Haemophilus influenzae type b (Hib) bacteria used to be the top cause of bacterial meningitis in kids under 5 until the vaccine started to be used. It also causes pneumonia and throat swelling and infections that can be serious. It's largely an infection in children, but anyone without a spleen should be vaccinated.

Pneumococcal Vaccine

There are many types of Streptococcus pneumoniae (Strep pneumo). Which strain you're protected against depends on which vaccine you receive.

 Prevnar 13 (PCV 13) protects against 13 strains and has replaced Prevnar 7, which protected against seven strains. Vaxneuvance (PCV15) protects against 15 S. pneumoniae serotypes, while Prevnar 20 (PCV20) helps prevent infection caused by 20 of the most severe types of S. pneumoniae. The polysaccharide vaccine Pneumovax 23 (PPSV23) protects against 23 strains.

Which vaccine you receive will depend on consultation with your healthcare provider, as they are indicated for different age groups and depend on underlying conditions as well as previous vaccination history.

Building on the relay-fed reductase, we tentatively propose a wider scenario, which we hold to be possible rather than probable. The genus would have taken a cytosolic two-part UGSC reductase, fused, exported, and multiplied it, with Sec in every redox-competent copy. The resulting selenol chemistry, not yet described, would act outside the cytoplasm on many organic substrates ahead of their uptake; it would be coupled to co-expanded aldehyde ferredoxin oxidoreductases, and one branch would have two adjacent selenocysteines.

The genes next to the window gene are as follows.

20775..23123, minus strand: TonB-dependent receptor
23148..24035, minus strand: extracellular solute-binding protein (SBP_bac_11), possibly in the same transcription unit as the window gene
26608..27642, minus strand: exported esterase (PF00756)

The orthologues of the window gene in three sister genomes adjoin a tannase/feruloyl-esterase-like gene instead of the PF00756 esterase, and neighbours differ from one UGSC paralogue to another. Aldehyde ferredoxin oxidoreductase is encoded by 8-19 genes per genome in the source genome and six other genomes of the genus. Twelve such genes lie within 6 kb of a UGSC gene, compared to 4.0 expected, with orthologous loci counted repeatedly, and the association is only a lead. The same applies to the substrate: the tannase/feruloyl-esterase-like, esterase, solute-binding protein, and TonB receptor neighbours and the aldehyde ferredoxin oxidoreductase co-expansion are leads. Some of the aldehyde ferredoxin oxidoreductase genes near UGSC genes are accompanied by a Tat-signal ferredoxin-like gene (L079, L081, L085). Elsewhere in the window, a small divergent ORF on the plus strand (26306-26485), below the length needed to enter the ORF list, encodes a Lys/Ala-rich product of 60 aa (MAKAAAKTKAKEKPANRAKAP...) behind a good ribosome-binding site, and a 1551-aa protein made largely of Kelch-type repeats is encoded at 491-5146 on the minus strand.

Influenza Vaccine

You'll need to get the influenza vaccine every year. It is to protect you from the secondary bacterial infections, like those that cause pneumonia, which you're at risk for if you get sick with the flu. Influenza deaths can occur because the lung's immune defenses are breached and exhausted by the virus, allowing a fatal bacterial infection.

Prophylactic Antibiotics

Some people without a spleen, especially children, take particular antibiotics daily at their healthcare provider's request. The pros and cons of this should be discussed with your healthcare provider or other health professional.

Taking antibiotics regularly can have unintended consequences. You can develop antibiotic resistance or get infections that occur when our regular old bacteria are wiped out and left unchecked, so it's important to talk to a medical professional about this.

Others carry antibiotics with them which they take immediately if they develop a fever or become sick. They then seek medical care immediately. Immediate treatment can help prevent an infection from becoming a deadly case of sepsis.